Reading all the social media posts from people who are newly discovering the Principles at work behind life, I’ve been noticing how easily we become disappointed in ourselves, dropping quickly from gratitude for an insight to discouragement that we’re not where we want to be. What we forget is that gratitude and contentment nourish the rich soil in which further insights blossom; discouragement is the drought that turns the soil to dust where insights cannot flourish.
It is rare, though never impossible, that an individual experiences what we call an epiphany, an insight so profound and remarkable that the person is totally transformed in an instant. It is common, though often unappreciated, for all of us to experience life-improving insights as we go. Some are so ordinary as to pass with scarce notice. Some inspire new ideas about how our lives work. Some surprise us into major changes. The gift we have is the capacity to keep learning, keep changing, keep seeing life with more and more clarity. It’s one step at a time up the spiral staircase of insights, and we can’t see where, or if, it ends. Sometimes it feels as though we’re bounding up the steps two at a time; sometimes it feels like we’re barely moving; sometimes we seem to be stuck on a landing.
I learned this lesson first nearly 30 years ago, when I first became aware that I was experiencing life from the inside-out, creating my experience from whatever bits of my thinking I was taking to heart and seeing as real. Immediately after that first insight — the insight that I could let thoughts pass, or I could hold them in place — my moods no longer meant very much to me. Prior to that seemingly small shift in understanding, I would get mad at myself for being in a bad mood when I most needed to be on top of my game, not understanding that I was holding low moods in place by fighting them or wishing they would go away. I had learned the “so what” lesson — “So what if you’re in a bad mood? Thoughts come and go. Leave it alone and it will quickly pass.” But I hadn’t found gratitude for it because I was still judging myself for having bad moods at all. Wasn’t I supposed to be free of bad moods if I really understood the Principles that explain how thinking works?
Still discouraged with my seemingly small progress, I was meeting with an employee who shared an idea she had that, while it was out of the box, could save our company a lot of time and money. I randomly asked when she had first thought of it. “Months ago,” she said. “Why didn’t you tell me sooner?” I asked. “Because you were so upset so much of the time, I just didn’t feel like bringing things up that might set you off,” she said. “Lately you seem calmer and more approachable.”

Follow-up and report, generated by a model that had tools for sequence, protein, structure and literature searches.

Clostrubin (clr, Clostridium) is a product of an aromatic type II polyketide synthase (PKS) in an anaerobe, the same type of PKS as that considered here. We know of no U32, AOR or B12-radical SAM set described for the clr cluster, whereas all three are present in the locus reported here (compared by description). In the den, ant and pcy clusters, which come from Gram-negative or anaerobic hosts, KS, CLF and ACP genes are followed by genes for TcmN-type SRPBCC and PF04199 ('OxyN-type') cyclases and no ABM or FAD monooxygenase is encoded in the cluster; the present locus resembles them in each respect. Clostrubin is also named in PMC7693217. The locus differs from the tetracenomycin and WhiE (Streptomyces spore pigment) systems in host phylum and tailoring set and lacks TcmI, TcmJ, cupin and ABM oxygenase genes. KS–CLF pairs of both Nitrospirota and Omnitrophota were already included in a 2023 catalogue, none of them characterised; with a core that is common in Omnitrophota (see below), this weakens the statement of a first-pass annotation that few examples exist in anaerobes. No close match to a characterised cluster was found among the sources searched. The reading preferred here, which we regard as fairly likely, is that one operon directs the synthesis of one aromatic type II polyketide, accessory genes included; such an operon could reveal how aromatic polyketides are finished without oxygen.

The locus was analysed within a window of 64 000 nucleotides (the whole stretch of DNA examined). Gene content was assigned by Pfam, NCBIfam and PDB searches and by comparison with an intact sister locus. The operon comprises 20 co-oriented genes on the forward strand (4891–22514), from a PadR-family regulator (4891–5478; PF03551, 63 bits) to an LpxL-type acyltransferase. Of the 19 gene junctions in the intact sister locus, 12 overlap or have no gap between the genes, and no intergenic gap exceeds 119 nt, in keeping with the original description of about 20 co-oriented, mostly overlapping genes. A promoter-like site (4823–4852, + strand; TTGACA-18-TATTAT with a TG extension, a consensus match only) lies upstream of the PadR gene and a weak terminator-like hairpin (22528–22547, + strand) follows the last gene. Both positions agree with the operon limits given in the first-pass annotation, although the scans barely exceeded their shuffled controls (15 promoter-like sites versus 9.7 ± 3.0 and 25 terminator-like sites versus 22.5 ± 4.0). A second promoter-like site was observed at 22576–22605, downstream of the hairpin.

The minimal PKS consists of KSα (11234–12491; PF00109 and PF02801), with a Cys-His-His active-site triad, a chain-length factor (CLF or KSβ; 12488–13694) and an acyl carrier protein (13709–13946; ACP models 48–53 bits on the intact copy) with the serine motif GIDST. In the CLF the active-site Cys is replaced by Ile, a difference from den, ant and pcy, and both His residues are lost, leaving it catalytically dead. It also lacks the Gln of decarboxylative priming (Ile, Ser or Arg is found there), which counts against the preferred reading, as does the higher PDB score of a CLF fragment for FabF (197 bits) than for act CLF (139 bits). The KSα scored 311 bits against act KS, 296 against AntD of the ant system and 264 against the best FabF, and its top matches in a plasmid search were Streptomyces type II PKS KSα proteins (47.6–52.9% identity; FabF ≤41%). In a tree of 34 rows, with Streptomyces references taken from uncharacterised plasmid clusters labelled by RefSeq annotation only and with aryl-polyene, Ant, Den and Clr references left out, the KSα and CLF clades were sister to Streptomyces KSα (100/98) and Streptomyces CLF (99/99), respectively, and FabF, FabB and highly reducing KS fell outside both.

Wow! Maybe that little so-what insight was more important than I thought it was. We worked with my employee’s new idea and made a significant improvement in our operations — and our bottom line. I realized that being able to shrug off a low mood had made enough of a difference in my composure that I was easier to work with, and more open to others’ ideas. I started feeling thankful for even that one small insight — and then came another.
I had the insight that I had never had a creative idea at work. Not once. Every really fresh thought I had that had helped propel the business I started forward had come to me at Disney World. Disney World! What was that about? Did I have to visit Fantasyland to find ideas? My spirits fell. I was too busy to run off to Disney World (even if it was less than three hours from home) every time I needed a good idea. I almost wished I’d never had that ridiculous insight. Yet, based on my first experience, I let that disappointment pass and just waited to see what I didn’t understand.
Aha! It quickly dawned on me that fresh ideas had nothing to do with Disney World, but everything to do with the state of mind I was in while there, just having fun with my family. I would leave my work behind and find myself in the moment, taking things as they came. So that was directional. I could look for that free and clear state of mind and not indulge myself when I started to ruminate about problems. That led to another seemingly small change with huge results. When I found myself going round and round and round over issues, I’d get up and walk around, allowing my thinking to turn elsewhere and my head to clear. Solutions started popping up out of the blue.
I could go on, but the point is made. Over time, I’ve had spiritually uplifting insights, silly little insights, wildly creative insights, helpful ordinary insights. I’ve come to be grateful that I can count on insights to brighten my experience, like wildflowers after rain in the desert, and lighten my life, like sun after the rain. Perfectly natural. Logically predictable, though always new. In my heart, I have learned to be grateful for gratitude, because it is the beautiful home where wisdom and insight dwell together and generate the life of our dreams.
As always, to quote Sydney Banks,
“Gratitude and satisfaction have wonderful effects on our souls. They open our minds, clearing the way for wisdom and contentment to eter. Once you become grateful, the prison bars of your mind will fall away. Peace and contentment will be yours.”
The Missing Link, p. 131.